The bottom line is to be honest with yourself and set prices according to the product and quality. Customers love honest businesses and are willing to pay just the right amount, although they’ll still buy what’s better cheaper. It’s tricky but true. A great tip here is to analyse your competitors and set relative prices.
3. Research Shipping Options and Costs
After you’ve convinced your customer into buying a product from your eCommerce website, how would you ship it? Therefore, it’s imperative to research the alternatives you have and how much it’s going to cost. This will also have an effect on the pricing of your products or you’ll have to ask them to pay extra shipping charges – nevertheless, this is to be determined by your target customers.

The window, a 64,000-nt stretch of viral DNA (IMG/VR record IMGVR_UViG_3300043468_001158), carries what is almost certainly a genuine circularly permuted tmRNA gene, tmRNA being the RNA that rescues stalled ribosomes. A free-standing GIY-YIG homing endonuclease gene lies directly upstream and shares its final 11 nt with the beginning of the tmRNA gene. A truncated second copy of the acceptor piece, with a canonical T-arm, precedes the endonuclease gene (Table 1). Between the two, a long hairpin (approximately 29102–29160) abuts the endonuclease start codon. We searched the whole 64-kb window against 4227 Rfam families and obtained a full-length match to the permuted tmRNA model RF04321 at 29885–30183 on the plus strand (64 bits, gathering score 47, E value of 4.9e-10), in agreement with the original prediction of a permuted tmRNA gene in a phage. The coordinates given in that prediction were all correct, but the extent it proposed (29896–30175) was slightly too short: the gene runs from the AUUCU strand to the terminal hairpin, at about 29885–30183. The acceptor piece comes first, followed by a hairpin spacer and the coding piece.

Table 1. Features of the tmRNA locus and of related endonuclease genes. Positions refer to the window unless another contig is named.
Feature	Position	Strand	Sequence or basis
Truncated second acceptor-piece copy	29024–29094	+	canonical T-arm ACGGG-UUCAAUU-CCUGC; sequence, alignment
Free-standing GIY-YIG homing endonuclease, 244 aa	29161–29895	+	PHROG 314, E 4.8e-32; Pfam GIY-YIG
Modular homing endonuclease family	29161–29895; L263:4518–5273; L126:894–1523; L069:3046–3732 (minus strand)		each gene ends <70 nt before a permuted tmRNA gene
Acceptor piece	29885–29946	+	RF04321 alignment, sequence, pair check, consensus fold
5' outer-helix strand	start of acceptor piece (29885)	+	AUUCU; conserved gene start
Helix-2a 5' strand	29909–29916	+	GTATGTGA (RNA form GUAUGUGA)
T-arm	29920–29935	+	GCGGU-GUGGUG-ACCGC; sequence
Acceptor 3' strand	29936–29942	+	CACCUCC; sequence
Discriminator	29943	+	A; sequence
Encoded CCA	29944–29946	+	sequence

4. Find an ECommerce Website Builder
If you might, you can build your own website from scratch, which is indeed costly but worth the effort and money. However, you could also opt for template-based eCommerce website builders, which offer plenty of options (typically paid) to add individuality to your website. Wix, Weebly, and Squarespace are common examples of this – they’re user-friendly and have
many templates and designs you could choose from.
5. Pick the Domain Name and Brand Phrases
This step isn’t tricky, but creative. Think of a catchy, innovative brand and domain name that can rule over the internet. While you can rebrand your store by giving it a trendy name that
has a huge online reach, it would make more sense to keep the offline store name (if you own) if you already have a wide audience base.